“You get great feedback from others here,” she said. “And when you need a break, you can have lunch or spend time in the common area with other artists. “Duffey’s work has transitioned over time from figurative pieces of saints, voodoo sticks and other New Orleans-centric items to a form that is quite the opposite in the delta environment: Rocks.
“I make them out of porcelain, and there are a number of structural challenges because of the nature of the clay,” she said. “I make my own glazes and finishes, and use a lot of oxide washes. Now, I have enough room and glaze area and another for building the pieces.”
Although Duffey works three days a week assisting at Derby Pottery, she spends the other four at the Art Studios. She has furnished her space with comfort and beauty in mind. “I found an old French metal crib at a junk shop that’s about 5 feet long and I made it into a daybed,” she said. “I can sit in it or lounge and look out the window. And I covered one of the walls completely with feathers.”
A painter and monotype artist, Stewart came to the Art Studios by way of the Louise Day Nursery lofts after Hurricane Katrina.
“The studio space there in the Lower Garden District was wonderful,” she said. However, everyone who had a studio in the building was evicted after FEMA requisitioned it to house government employees after the storm.
“But this is a great place for all of us. We are all really compatible and there is great camaraderie. Painting is a solitary profession, but here there is a lot of give and take.”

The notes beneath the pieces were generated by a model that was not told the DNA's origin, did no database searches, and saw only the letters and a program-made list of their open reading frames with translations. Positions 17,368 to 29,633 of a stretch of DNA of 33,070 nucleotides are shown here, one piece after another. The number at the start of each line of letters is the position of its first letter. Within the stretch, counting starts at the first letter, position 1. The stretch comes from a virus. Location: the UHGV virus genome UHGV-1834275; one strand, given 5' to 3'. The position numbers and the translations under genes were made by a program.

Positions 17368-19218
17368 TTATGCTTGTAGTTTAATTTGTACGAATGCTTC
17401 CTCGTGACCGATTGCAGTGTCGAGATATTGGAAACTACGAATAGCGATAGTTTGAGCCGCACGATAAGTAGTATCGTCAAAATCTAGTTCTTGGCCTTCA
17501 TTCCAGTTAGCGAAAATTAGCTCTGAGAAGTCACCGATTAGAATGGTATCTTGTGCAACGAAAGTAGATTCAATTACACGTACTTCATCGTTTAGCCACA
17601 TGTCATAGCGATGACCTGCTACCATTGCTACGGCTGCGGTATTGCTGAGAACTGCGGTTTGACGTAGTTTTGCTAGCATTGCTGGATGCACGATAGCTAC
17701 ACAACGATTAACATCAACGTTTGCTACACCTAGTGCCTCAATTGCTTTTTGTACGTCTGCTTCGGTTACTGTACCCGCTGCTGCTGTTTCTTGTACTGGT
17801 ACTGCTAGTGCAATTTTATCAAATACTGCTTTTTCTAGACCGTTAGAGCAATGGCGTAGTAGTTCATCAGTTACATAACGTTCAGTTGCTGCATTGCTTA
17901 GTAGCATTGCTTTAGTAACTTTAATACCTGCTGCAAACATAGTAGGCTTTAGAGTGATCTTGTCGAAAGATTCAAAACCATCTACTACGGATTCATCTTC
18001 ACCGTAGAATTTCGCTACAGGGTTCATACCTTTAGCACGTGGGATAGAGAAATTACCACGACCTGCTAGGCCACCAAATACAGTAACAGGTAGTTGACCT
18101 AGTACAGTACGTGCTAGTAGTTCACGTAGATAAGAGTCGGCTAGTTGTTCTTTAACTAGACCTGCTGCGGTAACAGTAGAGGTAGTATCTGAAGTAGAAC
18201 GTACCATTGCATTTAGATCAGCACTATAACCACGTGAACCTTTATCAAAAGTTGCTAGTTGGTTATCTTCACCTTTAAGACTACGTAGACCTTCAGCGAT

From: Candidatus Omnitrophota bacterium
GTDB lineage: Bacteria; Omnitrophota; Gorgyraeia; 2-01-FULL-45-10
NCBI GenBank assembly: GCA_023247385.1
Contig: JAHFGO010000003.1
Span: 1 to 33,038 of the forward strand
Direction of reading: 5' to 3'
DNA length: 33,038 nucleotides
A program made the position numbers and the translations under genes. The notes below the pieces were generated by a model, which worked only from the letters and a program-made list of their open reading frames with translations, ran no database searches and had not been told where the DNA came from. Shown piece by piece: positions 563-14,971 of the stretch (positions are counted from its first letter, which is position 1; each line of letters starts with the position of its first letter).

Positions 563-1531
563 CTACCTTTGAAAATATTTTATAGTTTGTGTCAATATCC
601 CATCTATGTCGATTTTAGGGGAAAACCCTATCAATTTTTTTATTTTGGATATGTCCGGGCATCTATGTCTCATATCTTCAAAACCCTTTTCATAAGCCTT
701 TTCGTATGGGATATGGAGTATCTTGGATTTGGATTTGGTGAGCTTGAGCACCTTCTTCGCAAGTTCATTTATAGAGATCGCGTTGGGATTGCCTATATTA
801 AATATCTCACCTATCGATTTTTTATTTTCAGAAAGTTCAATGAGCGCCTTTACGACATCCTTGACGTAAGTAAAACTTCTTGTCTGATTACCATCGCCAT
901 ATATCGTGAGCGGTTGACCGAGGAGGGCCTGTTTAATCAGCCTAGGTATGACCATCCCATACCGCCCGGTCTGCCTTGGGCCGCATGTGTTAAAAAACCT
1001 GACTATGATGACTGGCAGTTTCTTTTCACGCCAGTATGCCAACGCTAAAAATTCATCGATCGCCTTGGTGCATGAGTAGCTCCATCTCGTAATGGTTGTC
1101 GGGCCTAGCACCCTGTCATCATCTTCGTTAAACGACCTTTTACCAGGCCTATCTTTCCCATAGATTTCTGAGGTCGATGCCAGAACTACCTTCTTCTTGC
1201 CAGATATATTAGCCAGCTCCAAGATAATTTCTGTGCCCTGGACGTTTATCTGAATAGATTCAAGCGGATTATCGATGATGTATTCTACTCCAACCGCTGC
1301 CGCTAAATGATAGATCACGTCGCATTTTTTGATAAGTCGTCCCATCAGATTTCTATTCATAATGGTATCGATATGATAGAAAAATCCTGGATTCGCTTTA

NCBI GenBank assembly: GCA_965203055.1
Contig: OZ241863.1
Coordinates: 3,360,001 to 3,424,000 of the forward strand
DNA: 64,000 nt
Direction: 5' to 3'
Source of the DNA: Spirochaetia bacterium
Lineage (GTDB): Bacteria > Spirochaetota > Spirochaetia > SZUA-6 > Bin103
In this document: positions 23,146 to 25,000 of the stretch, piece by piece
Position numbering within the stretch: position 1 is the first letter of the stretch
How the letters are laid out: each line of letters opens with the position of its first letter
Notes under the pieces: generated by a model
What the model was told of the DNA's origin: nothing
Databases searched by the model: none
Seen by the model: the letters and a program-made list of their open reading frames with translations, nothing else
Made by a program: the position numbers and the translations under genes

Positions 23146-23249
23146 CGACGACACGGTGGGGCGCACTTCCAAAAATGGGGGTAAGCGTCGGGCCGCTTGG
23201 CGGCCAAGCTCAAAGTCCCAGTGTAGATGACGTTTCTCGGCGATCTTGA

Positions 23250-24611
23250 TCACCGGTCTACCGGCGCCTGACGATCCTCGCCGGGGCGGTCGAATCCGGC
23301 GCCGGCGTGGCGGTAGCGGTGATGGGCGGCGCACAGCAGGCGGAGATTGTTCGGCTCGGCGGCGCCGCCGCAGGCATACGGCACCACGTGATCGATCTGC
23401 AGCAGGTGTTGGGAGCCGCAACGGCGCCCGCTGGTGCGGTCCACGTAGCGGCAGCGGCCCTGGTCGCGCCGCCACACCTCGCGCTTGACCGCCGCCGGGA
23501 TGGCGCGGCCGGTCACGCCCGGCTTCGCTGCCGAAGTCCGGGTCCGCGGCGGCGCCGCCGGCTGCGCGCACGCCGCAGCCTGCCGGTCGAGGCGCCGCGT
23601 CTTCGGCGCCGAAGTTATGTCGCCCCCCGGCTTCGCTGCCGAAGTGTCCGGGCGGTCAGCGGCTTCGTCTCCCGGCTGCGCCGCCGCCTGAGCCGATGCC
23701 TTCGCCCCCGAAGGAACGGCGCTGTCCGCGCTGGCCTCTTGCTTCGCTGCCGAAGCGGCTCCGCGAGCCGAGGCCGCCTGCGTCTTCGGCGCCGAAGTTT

Stewart’s studio is the largest among those on-site: At 1,000 square feet, it affords her an area for painting, another for printing monotypes, an office for the business side of her endeavors, and a “quiet corner.”
“I have an old cast-off Sheridan-style sofa, a rattan chair, and bookcase for my art books and sketch pads,” Stewart said. “I use that area for studying and reading.”
The huge space and banks of windows on two sides (not to mention a coveted sink) make it ideal for the large format works Stewart paints, abstracts that deal with the fragility of the natural environment.
“Some are 4-by-6, some are 5-by-5, and they can be connected as diptychs or triptychs,” she said. “I need a lot of wall space.”
Morris has devoted considerable effort to making the 600-square-foot space she shares with potter Mary Morgan feel like home.
“For one thing, we have a propane heater which keeps it nice and toasty when the power goes out and it’s cold outside,” she explained. “I laid down linoleum on the floors and put some floor cloths on top of the linoleum. To screen out the fluorescent lights, there are canvas sails hung from the ceiling. I also have Christmas lights and Chinese lanterns.”
Morris and graphic artist Laura Ates are the last members of the “original crew” of artists who started out at Mid-City Art Studios in 1996. Although Morris explored other techniques and subject matter in the ensuing decades, she currently focuses on coil-building clay into vases, orbs, wall hangings, panels and boxes. She then carves swirl patterns into the clay.
“I like coil building and carving because of the imperfections,” she said. “Nothing’s symmetrical and it all has an organic feel.”
In addition to the other homey amenities she has installed, there are kitchen appliances, including a small refrigerator, a microwave and electric tea kettle.
“There is also a big couch,” Morris said. “It’s for napping.”